This week offered many things reminiscent of something we’ve known for a long time: Donald Trump’s political survival was enabled by ostensibly normal Republican institutions.
Let’s start with the remarks of exiled Republican Representative Liz Cheney on Monday at the American Enterprise Institute (AEI): [January] 6 when if [House Minority Leader] Kevin McCarthy had said, “This is totally unacceptable… We’re going to default. He should have been condemned, ‘We’re going to live in a completely different country right now,'” Cheney said. “But instead, Kevin McCarthy decided to go to Mar-a-Lago and welcome Donald Trump back to the party before January was over,” Cheney continued.
Did McCarthy’s quick capitulation allow Trump to step back from the scene? It feels reasonable. But it wasn’t just McCarthy. His Senate counterpart, Minority Leader Mitch McConnell, also closed his eyes at the very moment he might have delivered the merciful coup.
“We all knew Trump was crazy,” McConnell said in the immediate aftermath of the January 6 riots. Excerpts from the next book Unchecked: The Untold Story Behind Donald Trump’s Failed Congressional Claims). “I am done with him. I will never speak to him again.”
Despite this, McConnell soon saw that members of his caucus were justifying Trump’s behavior – and their opposition to his impeachment.
After Cheney urged McConnell to publicly support accountability, McConnell settled on a more passive strategy: “Let’s just ignore him,” it was reported.
This passive approach never works. The idea that ignoring Trump will lead to his departure is reminiscent of the once infamous Republican official on November 10. Requested: “What is the downside to wasting it in such a short period of time?”
as authors Not verified He writes, McConnell “didn’t actually encourage his colleagues to condemn. Instead, he told them the verdict would be a ‘vote of conscience’.”
It certainly makes sense to believe that a strong and consistent united front of McConnell and McCarthy might have made the difference. Arguably even more frustrating is that many members of the so-called lay team (Republicans who correctly believe Joe Biden is the legitimately elected president of the United States) continue to empower not only Trump, but also the American idea that Trump has normalized: Reject the elections.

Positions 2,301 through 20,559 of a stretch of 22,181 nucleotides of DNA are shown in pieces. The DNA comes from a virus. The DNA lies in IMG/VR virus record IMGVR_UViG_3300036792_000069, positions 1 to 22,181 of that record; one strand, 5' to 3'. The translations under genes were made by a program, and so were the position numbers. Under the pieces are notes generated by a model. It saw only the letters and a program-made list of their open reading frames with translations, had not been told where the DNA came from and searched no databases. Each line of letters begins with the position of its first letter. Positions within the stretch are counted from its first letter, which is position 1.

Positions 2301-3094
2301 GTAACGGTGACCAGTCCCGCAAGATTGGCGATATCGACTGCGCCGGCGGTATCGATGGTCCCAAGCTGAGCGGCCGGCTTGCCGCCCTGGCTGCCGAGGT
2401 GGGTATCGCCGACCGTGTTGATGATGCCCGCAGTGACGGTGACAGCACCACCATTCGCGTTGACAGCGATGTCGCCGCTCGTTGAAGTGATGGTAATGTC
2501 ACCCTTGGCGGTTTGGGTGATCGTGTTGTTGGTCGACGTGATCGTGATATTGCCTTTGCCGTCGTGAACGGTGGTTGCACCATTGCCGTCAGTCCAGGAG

Take, for example, Virginia Governor Glenn Youngkin. He was elected in 2021 by riding culture war issues such as opposition to critical race theory, but he is essentially an institutional Republican, modeled after Mitt Romney (temperament). Why was this reported this week? He’s going to Arizona for a campaign for Election Denier Carrie Lake?
as such Nick Katogyo notes in The DispatchYongkin’s capitulation is particularly frustrating because “if even the most impartial Romney newcomer cannot, at least, when asked to choose between an autocrat and a Democrat in Arizona, the distinction between mores and the rest of the party seems functionally meaningless.”
And Youngkin isn’t the only member of Team Normal who supports Lake. During the primary campaign, Arizona Governor Doug Ducey called Lake a “fake” that was “misleading voters” by committing an “act.” Then after she won the Republican nomination, he endorsed her, prompting her a Arizona Republic Columnist to ask Whether Dossie was lying around the lake then or now.
“At this point, I’d be surprised to find a prominent Republican who isn’t a supporter of The Big Lie.“
It is noteworthy that Ducey hit the lake mainly from the right. He didn’t confirm that she was an election denier (in fairness, he she did She says it wasmislead votersabout it), and instead focused on the fact that she wasn’t really conservative.
In 2020, Ducey earned our respect by standing up to Donald Trump’s attempt to overturn the outcome of the Arizona election. Why would he abdicate his responsibility in 2022?
We might also direct this question to Georgia Governor Brian Kemp, who is also brave Resist Trump’s attempt to overthrow his 2020 state election results By lobbying state officials to “find votes”.
But these days, Amanda Carpenter of The Bulwark writes that kemp standing “Together with one of the state’s top election deniers. This guy is his running mate, the Republican Party’s running mate, Bert Jones.”
At this point, I would be surprised to find a prominent audience no Backed by supporters of The Big Lie.
To get a sense of the level of corruption that has plagued the Republican Party today, look no further than Wednesday, when nine House Republicans (including Cheney) voted in favor of the Electoral Sorting Act. This logical reform was intended to reduce the likelihood of success in any future attempts to overthrow the elections. In my view, this reform should have passed unanimously. Until now 203 Republicans voted “No.”. “
And it gets worse. as such political notesMost of the nine Republicans who voted for the bill “either lost their primaries or announced their retirement.” It is really a sad situation. For those of us who cling to the hope that one day ordinary Republican leaders will take back their party, I’m starting to wonder how many are out there.
In Genesis, Abraham bargained with the Lord, getting him to agree to save the city of Sodom if he found less. ten the righteous.
Today’s Republican Party couldn’t live up to that low, either.